NEAR EAST REPORT AIPAC'S BIWEEKLY ON AMERICAN MIDDLE EAST POLICY
A Hizballah-backed candidate, Najib Mikati, is Lebanon’s new prime minister. Mikati’s rise signals the growing power of the Iranian-backed terrorist group Hizballah.
Druze leader Walid Jumblatt had once supported Saad Hariri’s government. Jumblatt recently backed Hizballah, giving the group the power to form a new government.
Background: The Situation in Lebanon
A Hizballah-backed candidate, Najib Mikati, is Lebanon’s new prime minister. Mikati’s rise signals the growing power of the Iranian-backed terrorist group Hizballah, a troubling development that the United States and Israel are closely monitoring.
Politics in Lebanon are notoriously difficult to follow. In order to provide some context to current events in the country, Near East Report has put together a timeline of major events in Lebanon since the assassination of former Prime Minister Rafik Hariri.
February 14 – A massive car bomb in downtown Beirut kills former Prime Minister Rafik Hariri and 22 others. The attack sparks demonstrations against Syria’s 30-year occupation of Lebanon. Many accuse Syria of orchestrating the assassination.
March 8 – Hizballah and its political allies rally to express support for Syria. The coalition that these groups form, the March 8 Alliance, is named after this date.
March 14 – On the one-month memorial of the Hariri assassination, hundreds of thousands of Lebanese citizens rally in central Beirut. The pro-Western political faction known as the March 14 movement names itself after this date.
April 7– The U.N. Security Council establishes an international investigation into the Hariri assassination.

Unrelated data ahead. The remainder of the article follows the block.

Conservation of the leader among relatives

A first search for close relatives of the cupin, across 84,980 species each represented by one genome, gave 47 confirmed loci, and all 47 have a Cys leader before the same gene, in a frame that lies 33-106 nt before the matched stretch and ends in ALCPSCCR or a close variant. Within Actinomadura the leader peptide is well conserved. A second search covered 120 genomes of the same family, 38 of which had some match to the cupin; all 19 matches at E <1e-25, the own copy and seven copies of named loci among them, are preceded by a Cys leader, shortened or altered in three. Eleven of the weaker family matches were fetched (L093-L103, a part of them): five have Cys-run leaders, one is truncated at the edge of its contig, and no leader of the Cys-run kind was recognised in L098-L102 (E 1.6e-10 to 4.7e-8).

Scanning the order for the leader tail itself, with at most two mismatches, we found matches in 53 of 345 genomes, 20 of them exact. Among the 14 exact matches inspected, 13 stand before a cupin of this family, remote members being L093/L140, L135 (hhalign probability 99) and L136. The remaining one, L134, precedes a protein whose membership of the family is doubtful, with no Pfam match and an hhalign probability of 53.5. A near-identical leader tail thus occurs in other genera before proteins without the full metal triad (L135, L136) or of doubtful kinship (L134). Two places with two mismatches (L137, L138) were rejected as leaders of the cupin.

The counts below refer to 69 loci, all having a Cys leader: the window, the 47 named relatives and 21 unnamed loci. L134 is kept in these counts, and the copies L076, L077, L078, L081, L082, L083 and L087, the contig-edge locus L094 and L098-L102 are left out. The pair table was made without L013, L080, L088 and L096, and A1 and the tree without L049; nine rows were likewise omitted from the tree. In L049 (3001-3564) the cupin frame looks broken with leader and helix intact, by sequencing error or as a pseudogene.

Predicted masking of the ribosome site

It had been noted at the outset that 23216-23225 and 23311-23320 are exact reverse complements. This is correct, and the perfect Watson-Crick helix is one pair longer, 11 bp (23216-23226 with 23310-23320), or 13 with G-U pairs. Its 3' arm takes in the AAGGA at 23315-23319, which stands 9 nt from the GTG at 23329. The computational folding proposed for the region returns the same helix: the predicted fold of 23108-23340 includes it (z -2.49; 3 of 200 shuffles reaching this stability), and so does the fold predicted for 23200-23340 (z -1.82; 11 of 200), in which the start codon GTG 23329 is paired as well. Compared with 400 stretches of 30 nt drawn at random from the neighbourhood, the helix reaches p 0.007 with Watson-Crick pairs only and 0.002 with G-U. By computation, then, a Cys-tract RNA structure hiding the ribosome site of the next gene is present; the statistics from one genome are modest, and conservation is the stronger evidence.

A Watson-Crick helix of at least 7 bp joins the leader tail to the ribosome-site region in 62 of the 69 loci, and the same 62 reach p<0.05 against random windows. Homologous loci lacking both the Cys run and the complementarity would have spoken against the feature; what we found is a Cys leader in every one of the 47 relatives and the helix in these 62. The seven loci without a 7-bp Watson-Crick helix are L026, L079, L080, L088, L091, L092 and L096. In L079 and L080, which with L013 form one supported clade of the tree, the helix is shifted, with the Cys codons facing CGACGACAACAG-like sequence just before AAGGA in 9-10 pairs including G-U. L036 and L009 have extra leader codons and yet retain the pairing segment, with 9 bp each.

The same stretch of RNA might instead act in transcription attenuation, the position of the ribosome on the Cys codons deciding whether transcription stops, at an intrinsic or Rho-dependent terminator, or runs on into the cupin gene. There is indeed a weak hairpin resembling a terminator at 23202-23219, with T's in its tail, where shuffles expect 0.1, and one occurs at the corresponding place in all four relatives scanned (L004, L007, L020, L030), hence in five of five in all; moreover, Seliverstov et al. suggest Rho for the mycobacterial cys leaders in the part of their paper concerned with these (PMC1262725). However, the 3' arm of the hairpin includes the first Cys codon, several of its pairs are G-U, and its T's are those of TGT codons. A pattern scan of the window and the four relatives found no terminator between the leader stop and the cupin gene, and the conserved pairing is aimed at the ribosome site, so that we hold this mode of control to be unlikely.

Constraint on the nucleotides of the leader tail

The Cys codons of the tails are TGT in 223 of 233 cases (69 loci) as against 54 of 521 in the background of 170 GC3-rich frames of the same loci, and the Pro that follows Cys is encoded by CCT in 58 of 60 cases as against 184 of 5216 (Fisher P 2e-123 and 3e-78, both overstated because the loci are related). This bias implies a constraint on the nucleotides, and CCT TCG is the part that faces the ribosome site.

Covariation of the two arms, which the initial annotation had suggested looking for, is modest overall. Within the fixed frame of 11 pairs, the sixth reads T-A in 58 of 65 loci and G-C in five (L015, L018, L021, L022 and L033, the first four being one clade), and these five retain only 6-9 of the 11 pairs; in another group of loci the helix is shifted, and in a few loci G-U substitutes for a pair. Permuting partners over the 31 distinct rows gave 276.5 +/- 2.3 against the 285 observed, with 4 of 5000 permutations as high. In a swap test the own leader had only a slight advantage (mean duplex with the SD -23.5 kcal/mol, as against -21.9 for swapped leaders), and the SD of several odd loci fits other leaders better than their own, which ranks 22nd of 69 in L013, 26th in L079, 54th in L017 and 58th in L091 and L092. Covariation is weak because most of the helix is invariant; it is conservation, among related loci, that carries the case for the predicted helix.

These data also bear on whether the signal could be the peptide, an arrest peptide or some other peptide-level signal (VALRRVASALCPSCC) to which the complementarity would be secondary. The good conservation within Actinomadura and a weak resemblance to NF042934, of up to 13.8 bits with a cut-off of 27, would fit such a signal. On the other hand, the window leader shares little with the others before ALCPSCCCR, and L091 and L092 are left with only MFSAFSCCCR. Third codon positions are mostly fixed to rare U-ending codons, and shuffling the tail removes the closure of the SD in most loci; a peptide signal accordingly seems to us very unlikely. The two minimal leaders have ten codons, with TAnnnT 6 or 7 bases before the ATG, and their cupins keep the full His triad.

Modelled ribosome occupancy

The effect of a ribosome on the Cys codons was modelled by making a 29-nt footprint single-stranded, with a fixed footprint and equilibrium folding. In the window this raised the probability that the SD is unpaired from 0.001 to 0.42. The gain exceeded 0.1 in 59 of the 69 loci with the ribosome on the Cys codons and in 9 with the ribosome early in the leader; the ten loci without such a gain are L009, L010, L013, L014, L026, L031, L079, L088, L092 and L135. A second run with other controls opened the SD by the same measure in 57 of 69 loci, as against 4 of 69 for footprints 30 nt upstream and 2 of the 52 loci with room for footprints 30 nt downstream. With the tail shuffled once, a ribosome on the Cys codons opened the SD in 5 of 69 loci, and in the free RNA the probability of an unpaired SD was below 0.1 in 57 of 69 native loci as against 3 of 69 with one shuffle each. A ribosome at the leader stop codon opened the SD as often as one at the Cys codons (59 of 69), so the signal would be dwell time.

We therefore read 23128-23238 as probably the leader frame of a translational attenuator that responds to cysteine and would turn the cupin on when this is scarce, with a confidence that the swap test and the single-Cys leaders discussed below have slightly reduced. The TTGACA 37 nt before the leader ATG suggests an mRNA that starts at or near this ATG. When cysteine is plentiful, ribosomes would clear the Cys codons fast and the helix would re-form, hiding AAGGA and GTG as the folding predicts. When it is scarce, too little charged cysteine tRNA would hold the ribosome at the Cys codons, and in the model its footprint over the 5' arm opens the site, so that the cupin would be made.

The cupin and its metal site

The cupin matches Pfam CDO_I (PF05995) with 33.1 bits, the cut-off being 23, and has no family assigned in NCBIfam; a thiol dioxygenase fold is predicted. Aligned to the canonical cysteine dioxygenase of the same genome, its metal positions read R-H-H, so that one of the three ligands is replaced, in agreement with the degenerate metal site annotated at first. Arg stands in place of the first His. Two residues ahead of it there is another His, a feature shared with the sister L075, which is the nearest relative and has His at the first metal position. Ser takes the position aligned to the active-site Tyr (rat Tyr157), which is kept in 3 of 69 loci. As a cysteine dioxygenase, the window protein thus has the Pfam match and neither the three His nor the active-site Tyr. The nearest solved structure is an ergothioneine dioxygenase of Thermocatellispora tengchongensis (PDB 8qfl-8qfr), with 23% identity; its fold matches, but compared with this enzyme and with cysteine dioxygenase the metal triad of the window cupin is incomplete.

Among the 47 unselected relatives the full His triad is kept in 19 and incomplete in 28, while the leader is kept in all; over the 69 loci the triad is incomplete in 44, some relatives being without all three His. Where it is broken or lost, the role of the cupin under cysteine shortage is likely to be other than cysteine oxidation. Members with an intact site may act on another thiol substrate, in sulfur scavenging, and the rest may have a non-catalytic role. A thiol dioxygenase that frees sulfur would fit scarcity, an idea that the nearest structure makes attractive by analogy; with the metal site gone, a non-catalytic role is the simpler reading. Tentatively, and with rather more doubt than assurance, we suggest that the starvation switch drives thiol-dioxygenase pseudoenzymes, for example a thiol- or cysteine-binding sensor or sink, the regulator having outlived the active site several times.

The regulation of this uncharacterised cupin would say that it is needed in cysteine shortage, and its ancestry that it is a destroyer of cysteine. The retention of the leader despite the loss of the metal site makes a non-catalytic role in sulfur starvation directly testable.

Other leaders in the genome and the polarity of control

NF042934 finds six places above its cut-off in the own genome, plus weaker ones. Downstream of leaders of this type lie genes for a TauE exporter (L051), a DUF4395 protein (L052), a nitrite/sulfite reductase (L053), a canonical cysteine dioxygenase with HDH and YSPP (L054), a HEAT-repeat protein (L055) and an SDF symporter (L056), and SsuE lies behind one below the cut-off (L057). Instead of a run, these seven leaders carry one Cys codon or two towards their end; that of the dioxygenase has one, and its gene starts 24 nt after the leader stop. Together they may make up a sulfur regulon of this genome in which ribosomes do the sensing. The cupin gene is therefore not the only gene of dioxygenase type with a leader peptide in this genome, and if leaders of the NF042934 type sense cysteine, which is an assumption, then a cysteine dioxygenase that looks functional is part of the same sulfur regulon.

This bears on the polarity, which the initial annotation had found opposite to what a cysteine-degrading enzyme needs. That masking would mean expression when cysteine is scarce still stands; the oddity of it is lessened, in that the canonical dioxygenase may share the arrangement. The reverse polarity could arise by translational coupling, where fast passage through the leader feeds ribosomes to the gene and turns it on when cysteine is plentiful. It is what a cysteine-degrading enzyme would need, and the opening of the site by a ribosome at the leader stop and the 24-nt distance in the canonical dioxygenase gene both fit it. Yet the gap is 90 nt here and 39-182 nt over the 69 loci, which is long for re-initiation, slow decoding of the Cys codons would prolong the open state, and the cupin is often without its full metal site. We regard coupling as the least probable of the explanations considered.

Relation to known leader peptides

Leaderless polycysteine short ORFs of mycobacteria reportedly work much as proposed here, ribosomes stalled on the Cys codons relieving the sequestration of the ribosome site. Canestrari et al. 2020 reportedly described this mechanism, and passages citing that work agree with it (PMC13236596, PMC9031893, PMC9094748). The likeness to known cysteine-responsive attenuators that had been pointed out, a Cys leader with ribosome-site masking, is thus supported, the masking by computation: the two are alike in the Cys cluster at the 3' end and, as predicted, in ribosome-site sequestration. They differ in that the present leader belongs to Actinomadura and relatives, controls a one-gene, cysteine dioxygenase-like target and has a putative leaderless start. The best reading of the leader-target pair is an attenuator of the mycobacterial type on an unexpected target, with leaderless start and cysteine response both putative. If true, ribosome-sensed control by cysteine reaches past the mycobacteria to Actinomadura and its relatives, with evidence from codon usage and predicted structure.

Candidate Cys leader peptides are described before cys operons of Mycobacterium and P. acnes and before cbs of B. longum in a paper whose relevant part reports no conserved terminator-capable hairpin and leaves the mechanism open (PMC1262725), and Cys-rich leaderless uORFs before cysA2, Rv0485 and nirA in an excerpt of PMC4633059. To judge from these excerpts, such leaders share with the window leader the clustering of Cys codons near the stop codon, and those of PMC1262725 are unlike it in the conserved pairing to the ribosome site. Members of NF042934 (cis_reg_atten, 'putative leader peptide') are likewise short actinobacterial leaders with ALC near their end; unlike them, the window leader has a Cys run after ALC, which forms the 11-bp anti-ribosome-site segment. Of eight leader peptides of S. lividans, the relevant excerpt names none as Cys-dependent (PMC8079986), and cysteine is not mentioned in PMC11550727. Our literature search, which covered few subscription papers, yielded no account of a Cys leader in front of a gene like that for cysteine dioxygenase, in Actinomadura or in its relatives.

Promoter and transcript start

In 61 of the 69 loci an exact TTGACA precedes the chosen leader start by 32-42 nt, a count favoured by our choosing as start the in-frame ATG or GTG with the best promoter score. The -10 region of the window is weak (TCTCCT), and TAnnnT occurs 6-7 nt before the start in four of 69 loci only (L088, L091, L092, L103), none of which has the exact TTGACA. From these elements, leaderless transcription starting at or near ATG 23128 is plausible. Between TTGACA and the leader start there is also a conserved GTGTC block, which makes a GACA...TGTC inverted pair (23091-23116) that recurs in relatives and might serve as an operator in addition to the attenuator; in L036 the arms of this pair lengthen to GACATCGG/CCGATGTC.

April 26 – Syria notifies the United Nations that the last Syrian soldiers have left Lebanon. However, much of Syria’s intelligence apparatus remains in Lebanon, in violation of U.N. Security Council Resolution 1559.
June 19 – Lebanon holds its first parliamentary elections since the Syrian military withdrawal. The March 14 movement secures an election victory, and Fouad Siniora is named prime minister.
October 24 – The United Nations publishes a preliminary report into the Hariri murder. The report implicates members of the Syrian government. Lebanon requests that the United Nations establish a tribunal to continue the investigation and prosecute those responsible for the attack.
July 12 – Hizballah conducts a cross-border raid, capturing two Israeli soldiers and setting off a 34-day war against Israel. During the war, Hizballah fires more than 4,000 rockets and mortars into Israel.
August 11 – The U.N. Security Council passes ceasefire Resolution 1701, strengthening the mandate of the U.N. peacekeeping forces in Lebanon and calling for the disarmament of Hizballah.
May 30 – The Security Council formally establishes the Special Tribunal for Lebanon (STL) to investigate the February 14, 2005, bombing as well as numerous other attacks that targeted journalists and political figures associated with the March 14 movement.
December 3 – The Lebanese army chief, Gen. Michel Suleiman, emerges as the consensus candidate to be the next president of Lebanon. His election is held up amid internal gridlock. A new president must be confirmed by parliament, but the speaker of the parliament, Hizballah ally Nabih Berri, refuses to convene the legislature until the government agrees to give Hizballah’s bloc greater power and acknowledge the legitimacy of Hizballah’s weapons.